Sunday 18 July 2021

The Breaking


by Stephen Grindrod

Irish coffee

He places his glass precisely back down on the ring of water formed on the table and straightens his already straight cutlery for the second time this evening. Dinner is at the outside tables at Biffi’s in the Galleria Vittorio Emanuele II, the daylight now extinguished above the great glass ceiling.

“I stopped off at the Cova before you finished work,” he says as he slides a neatly wrapped ornate box of chocolates across the table to Sara who, sitting back in her chair, receives the gift with an outstretched arm, quietly expressing her gratitude and how he “shouldn’t have”, before going back to holding her arms taciturnly.

The resplendent cracked mosaic floor of the Galleria reflects the arched iron and glass roof while commuters, shoppers and tourists pass by, fragile travelling coincidences who share the same frail fleeting moment of time and space only for an instant. He adjusts his rolled up sleeves, shuffles in his chair, his legs constantly jigging. This is the final night of his weeklong trip to visit Sara; he never thought that a long-distance relationship could feasibly work but up to now things have been going well. She has shown him some of the sights of the city and he has followed, observed, and even done a little tentative exploring himself during the day while she has been at work.

Sitting under the vaulted arcade, Sara wonders what it would be like if all of the panels above were to shatter and fall right now. She often imagines disaster scenarios: plane crashes every time she flies, gunmen bursting into her classroom and opening fire on her students, terrorist attacks in the city. Would the shards simply shower down, coating her in a frosty rime? Or would they penetrate the skin? Would it kill her or just leave her wounded?

She fingers her glass and wonders how much pressure she would have to apply for the stem to snap. While he drinks his beer she stares at the network of fissures and acne scars like constellations across his face, the cracked skin indented and scabbed in places from years of ignoring his mother’s and other’s pleas to ‘leave your face alone’ in a futile attempt to rid his appearance of all blemishes completely. Sara is not concerned by this; he has a nice appearance. His face isn’t the problem.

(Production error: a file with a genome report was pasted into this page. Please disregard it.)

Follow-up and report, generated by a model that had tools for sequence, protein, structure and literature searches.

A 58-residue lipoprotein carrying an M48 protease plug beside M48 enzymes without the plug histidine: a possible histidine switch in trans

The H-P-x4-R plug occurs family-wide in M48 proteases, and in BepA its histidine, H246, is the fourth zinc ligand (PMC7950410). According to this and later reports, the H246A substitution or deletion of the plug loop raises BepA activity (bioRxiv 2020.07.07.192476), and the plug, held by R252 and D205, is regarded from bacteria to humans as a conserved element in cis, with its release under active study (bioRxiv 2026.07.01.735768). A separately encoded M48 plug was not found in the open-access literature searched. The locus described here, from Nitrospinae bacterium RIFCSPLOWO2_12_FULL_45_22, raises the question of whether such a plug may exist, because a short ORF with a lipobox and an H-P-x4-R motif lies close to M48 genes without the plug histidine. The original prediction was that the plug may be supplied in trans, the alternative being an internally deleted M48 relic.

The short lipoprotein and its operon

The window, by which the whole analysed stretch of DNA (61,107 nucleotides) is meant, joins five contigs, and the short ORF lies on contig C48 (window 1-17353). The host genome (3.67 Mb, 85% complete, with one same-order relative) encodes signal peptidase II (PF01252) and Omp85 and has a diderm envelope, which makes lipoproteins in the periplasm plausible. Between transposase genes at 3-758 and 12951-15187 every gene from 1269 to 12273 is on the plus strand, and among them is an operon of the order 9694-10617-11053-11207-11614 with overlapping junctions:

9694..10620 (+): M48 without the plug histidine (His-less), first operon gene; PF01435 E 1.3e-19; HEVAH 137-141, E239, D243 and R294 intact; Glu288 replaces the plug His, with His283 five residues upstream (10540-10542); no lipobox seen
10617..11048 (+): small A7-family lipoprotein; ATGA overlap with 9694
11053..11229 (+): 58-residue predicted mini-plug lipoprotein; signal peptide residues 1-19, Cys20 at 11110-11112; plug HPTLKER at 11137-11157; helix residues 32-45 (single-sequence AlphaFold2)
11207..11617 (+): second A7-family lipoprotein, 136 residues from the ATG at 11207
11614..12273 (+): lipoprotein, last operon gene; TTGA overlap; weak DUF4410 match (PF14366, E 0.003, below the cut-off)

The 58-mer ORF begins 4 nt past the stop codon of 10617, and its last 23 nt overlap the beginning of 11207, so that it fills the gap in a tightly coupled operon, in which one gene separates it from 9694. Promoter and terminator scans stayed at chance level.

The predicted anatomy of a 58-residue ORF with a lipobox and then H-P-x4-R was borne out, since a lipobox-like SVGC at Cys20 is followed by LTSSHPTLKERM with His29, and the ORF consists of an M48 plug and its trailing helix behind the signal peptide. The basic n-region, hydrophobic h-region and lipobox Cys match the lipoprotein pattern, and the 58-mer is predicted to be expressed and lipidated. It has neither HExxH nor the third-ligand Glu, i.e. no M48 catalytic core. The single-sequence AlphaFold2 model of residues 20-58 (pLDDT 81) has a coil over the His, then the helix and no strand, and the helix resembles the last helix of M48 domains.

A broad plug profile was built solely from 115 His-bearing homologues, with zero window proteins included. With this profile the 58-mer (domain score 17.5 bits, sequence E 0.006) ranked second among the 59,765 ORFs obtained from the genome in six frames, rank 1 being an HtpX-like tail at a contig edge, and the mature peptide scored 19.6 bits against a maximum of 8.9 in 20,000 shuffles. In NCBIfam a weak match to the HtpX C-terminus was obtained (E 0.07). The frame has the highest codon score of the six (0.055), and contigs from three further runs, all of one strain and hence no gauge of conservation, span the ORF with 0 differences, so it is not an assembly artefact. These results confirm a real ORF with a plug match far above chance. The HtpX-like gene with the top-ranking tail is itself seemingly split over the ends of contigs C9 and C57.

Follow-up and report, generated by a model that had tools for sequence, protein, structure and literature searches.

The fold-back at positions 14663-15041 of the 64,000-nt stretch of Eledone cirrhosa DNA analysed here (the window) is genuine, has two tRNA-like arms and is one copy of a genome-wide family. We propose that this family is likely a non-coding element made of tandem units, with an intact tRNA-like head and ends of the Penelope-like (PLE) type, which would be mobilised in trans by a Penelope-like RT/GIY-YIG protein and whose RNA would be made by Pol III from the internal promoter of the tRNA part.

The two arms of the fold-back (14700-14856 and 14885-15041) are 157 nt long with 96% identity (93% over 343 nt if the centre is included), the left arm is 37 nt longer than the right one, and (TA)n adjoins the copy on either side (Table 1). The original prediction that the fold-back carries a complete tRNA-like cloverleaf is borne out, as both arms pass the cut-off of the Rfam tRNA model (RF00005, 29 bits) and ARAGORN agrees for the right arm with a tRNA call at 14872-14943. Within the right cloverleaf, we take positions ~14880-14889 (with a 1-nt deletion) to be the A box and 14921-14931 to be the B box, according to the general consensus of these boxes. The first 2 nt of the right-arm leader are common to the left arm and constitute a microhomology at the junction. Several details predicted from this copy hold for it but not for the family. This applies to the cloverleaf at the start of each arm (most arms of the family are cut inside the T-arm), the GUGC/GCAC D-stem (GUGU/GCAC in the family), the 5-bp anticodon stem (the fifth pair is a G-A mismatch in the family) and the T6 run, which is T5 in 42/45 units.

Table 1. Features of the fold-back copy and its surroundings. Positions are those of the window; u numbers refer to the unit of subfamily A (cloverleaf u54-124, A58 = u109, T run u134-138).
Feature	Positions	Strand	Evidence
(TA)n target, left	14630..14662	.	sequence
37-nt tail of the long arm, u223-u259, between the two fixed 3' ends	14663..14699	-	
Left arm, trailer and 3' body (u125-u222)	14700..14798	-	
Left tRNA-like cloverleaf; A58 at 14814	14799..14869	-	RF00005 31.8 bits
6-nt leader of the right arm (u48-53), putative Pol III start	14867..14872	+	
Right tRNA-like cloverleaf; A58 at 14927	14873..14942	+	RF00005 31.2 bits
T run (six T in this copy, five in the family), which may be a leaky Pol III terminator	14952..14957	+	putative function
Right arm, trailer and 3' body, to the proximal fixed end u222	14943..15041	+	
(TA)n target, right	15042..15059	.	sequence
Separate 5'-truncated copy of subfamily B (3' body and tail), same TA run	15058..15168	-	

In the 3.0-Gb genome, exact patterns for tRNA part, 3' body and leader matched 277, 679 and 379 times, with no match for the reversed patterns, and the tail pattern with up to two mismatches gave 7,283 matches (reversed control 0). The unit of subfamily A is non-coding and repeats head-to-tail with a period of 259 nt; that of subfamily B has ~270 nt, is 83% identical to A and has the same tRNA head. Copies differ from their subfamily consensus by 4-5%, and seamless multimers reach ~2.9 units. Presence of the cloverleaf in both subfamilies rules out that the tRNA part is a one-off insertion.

Placing his glass down again on the circular pool on the table, he neatens his napkin once more and tidies his hair out of his eyes. “I’ve had a really nice week. It’s a shame about the weather today – it’s been perfect till now. I loved San Siro.”

Their meals arrive, his the fégato alla salvia, hers the carbonara, and the conversation once again lulls; since they sat down their words have been stilted, splintered. As usual, the poorly-constructed sentences tumble from his mouth before reaching the inevitable pause, the moment when he can no longer articulate what he is feeling, or perhaps realises that what he is saying is gibberish. She doesn’t hold it against him; real conversations are hard and these ramblings of his serve only to break the silences caused by her reluctance to engage. The irony is that they both despise small talk. His philosophy is that when two people can sit in silence with one another and not feel awkward, they are truly at ease. But his idea of togetherness has now receded into a shared isolation, all of their discussions now descend into fragments of mundane, trivial pleasantries – two people with nothing more to talk about.

They tuck into their meals and each mouthful that Sara chews, swallows and digests only adds to the sick feeling in the pit of her stomach because she knows what she must do.